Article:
2. Recognise the profession of elite athletes and support staff by offering suitable employment conditions and ample career prospects, enabling everyone to have job security and being able to focus entirely on practicing or supporting elite sports.
  3. Ensure long-term support for elite sports research.

Social significance

4. Strengthen and stabilise the elite sports sector by investing in governance capacity, vision development, policy formulation and organisational efficiency. This empowers the sector to uphold the societal value of elite sports.

5. Unify the entire national government in championing elite sports, emphasising its intrinsic importance and providing unwavering support. Assume systemic responsibility by appointing a dedicated State Secretary for sports and physical activity. Ensure clear delineation of roles and responsibilities across local, regional and national government levels and among different governmental departments.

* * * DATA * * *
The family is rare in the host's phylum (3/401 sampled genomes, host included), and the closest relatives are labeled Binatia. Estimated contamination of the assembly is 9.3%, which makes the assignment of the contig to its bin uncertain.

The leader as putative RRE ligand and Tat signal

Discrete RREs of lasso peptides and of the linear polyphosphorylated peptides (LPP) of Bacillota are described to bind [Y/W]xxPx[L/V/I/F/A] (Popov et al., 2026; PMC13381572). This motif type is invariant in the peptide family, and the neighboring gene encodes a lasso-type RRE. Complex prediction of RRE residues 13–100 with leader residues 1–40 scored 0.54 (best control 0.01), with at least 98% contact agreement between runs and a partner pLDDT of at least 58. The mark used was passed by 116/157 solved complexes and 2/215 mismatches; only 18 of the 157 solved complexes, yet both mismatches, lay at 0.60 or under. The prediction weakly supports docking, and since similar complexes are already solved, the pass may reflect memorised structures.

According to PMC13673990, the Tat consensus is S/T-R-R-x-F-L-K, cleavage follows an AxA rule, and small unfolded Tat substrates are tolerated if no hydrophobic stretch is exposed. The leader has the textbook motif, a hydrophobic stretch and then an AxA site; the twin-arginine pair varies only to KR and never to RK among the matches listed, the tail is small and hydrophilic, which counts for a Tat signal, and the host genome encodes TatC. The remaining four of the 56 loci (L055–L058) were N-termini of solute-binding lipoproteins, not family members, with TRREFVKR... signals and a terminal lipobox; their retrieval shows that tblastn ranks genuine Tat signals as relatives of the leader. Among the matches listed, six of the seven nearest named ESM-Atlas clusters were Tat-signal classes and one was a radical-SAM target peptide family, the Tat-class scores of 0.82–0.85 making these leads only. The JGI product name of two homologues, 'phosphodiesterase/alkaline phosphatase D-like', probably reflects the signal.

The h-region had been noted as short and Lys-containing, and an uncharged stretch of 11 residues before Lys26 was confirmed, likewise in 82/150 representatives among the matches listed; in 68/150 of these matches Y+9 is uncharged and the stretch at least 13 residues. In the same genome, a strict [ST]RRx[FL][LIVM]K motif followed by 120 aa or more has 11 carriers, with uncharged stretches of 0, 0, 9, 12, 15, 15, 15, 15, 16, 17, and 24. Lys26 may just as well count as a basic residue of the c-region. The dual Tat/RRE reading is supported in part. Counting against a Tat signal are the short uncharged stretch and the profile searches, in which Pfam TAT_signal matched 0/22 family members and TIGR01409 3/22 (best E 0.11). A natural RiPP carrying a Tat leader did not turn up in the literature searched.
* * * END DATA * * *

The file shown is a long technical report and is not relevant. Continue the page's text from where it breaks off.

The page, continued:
6. Prioritise enhancing safety in elite sports as a national government imperative. This ensures safe practice of elite sports and enables fans to attend matches securely, thereby fostering a positive environment for grassroots sports.

7. Promote integrity in elite sports as a proactive measure. While primarily the responsibility of the sports sector, provide (temporary) support as needed where the sector falls short. This ensures the achievement of integrity in elite sports as soon as possible

Monitoring and attendance

8. Establish centralised coordination for elite sports events and facilities at the national level, recognising this as a role of the national government.

9. Ensure broad media coverage for a diverse range of elite sports, allowing widespread accessibility for Dutch citizens. Where feasible, prioritise open channels and limit the number of providers for ease of access.


10. Encourage elite sports funding initiatives as a national government priority. Lead by example and ensure sustained government funding over extended periods, fostering stability for elite sports organisations and athletes.

11. Transition from long-term lottery funding to guaranteed, direct government funding.

12. Ultimately, entrust the allocation of elite sports resources from the national budget to an independent organisation with elite sports expertise. In doing so, thoughtfully determine resource allocation, directing funds to umbrella organisations for member support and directly to elite sports organisations.